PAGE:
Mighty muscles may stave off depression

Exercise blocks brain toxin brought on by stress, study in mice shows

two runners on a path

STRENGTH RULES  Exercised muscles may filter harmful substances from the brain, a study in mice suggests.

Ed Yourdon/Flickr (CC BY-NC-SA 2.0)   

A powerful body can protect the brain, a new study suggests. Toned muscles filter a toxin from the brain and keep depression at bay, researchers report in the Sept. 25 Cell.

By discovering a previously unknown link between muscles and brain in mice, the results provide compelling evidence for the healing power of exercise, says psychiatrist Andrew Miller of Emory University in Atlanta. “This paper really emphasizes ‘strong body, strong mind.’” The finding also hints at new ways to treat brain disorders, he says.

Researchers have known that in response to a good workout, muscles produce a compound called PGC-1 alpha 1, which is a general do-gooder around the body. The compound prompts the body to make more blood vessels and mitochondria, for instance. The new study, which includes tests involving a small number of people, shows that PGC-1 alpha 1’s rejuvenating effects extend to the brain.

In the study, mice were exposed to five weeks of unpredictable stressors, such as food deprivation, strobe lights and loud noises. At the end of their ordeal, mice showed signs of stress-induced depression, such as not drinking as much sweet water and giving up in a tank of water instead of struggling to swim. These mice’s brains also showed signs of depression: Key genes changed their behavior in response to the stress. 

But mice genetically tweaked to produce more PGC-1 alpha 1 in their skeletal muscles seemed immune to chronic stress and showed fewer of these depressive signs, says study coauthor Maria Lindskog of the Karolinska Institutet in Stockholm. “Nothing happened,” she says. “The brain was completely protected.”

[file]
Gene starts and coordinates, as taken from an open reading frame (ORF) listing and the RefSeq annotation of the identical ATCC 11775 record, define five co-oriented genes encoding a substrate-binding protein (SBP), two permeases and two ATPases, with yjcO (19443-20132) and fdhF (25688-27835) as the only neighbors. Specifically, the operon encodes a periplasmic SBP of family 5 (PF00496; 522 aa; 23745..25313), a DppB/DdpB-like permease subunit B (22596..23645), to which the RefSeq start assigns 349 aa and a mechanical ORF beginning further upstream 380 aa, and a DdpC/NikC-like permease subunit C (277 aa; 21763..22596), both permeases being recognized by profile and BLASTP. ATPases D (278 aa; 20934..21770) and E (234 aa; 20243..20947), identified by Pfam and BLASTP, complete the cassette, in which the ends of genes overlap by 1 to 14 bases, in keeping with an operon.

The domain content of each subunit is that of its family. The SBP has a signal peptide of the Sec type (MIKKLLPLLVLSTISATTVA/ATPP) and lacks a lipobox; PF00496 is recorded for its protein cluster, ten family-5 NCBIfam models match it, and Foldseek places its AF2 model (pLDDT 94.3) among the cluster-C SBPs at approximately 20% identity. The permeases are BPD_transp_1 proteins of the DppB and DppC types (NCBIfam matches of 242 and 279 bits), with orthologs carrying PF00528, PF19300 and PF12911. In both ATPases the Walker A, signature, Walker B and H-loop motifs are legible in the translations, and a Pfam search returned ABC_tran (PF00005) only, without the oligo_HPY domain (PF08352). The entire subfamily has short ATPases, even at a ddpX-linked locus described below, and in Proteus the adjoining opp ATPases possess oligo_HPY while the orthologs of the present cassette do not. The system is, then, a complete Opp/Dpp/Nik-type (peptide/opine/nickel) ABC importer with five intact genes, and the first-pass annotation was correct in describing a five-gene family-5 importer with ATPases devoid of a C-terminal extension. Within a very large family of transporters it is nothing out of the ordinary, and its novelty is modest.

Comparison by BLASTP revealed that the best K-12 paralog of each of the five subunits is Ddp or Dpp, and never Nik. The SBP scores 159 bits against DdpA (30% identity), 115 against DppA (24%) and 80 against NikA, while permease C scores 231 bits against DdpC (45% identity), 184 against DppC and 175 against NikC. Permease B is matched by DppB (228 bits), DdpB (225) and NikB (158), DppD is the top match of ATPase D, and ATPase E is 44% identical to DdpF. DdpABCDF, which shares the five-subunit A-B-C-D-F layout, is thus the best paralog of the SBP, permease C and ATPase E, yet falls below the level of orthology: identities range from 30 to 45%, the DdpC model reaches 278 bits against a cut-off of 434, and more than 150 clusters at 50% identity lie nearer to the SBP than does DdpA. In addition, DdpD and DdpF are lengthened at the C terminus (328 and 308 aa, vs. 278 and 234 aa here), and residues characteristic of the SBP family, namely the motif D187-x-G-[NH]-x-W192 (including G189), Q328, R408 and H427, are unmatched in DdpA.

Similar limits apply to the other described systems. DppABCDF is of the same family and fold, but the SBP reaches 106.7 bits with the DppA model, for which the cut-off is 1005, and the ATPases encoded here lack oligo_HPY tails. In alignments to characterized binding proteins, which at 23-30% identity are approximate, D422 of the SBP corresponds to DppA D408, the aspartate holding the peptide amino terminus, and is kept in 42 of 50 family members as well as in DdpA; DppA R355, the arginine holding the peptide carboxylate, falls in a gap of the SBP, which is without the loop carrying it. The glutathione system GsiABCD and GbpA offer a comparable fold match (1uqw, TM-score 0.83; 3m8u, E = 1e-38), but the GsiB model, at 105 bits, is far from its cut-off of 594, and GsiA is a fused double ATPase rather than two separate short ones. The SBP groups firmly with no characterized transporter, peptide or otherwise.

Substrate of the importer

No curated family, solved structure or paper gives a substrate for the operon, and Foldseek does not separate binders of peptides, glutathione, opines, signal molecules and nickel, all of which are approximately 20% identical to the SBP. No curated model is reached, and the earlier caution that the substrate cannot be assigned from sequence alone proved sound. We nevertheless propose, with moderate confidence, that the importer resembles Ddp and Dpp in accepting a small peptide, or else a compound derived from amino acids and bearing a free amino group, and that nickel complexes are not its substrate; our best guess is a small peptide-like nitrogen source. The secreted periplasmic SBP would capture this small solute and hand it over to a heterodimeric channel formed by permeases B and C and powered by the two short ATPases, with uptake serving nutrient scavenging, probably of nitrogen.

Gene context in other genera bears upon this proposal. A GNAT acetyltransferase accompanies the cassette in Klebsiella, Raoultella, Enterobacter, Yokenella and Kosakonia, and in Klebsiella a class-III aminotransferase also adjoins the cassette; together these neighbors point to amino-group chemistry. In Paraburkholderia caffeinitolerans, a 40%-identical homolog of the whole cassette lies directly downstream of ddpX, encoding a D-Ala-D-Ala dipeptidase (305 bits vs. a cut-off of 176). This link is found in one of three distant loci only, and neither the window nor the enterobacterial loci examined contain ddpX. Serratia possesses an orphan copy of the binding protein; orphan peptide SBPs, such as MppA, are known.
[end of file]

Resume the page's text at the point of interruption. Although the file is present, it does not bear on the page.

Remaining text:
When produced in response to exercise, PGC-1 alpha 1 kicks off a chain of chemical events in muscles that culminates in neutralizing a stress-induced toxin called kynurenine. An injection of kynurenine, which travels easily between the body and brain, caused mice to show signs of depression, even when the animals weren’t exposed to stressors. That result “suggests kynurenine may be a much more malignant molecule than we had previously appreciated,” Miller says.

But PGC-1 alpha 1 in the muscle leads to conversion of kynurenine into a form that can’t pass into the brain.  The results show how muscle can have a profound effect on other organs, Lindskog says. “It’s like a detoxifying organ, almost.”

Mice that ran on an exercise wheel, covering more than 4 kilometers a night for 8 weeks, also experienced benefits, the team found. And there are hints that people could achieve the same protection via working out. After three weeks of exercise, volunteers’ muscles produced more kynurenine-neutralizing molecules, biopsies from thigh muscles showed.

To get the benefits, people would need to routinely challenge their muscles, which means regularly upping their exercise regimens, Lindskog says. An easy daily walk probably wouldn’t be rigorous enough to boost PGC-1 alpha 1 production.

A subset of people with depression might benefit strongly from exercise therapy, or from drugs developed to target kynurenine or the molecules that interact with it, Miller says. And the benefits probably wouldn’t stop at depression. People with cancer, autoimmune disorders or other diseases that involve inflammation might benefit from stronger muscles, he says. “All of those are going to be associated with high levels of kynurenine,” he says. “And we now know that we can begin to possibly clear out the system by encouraging patients to exercise.” 

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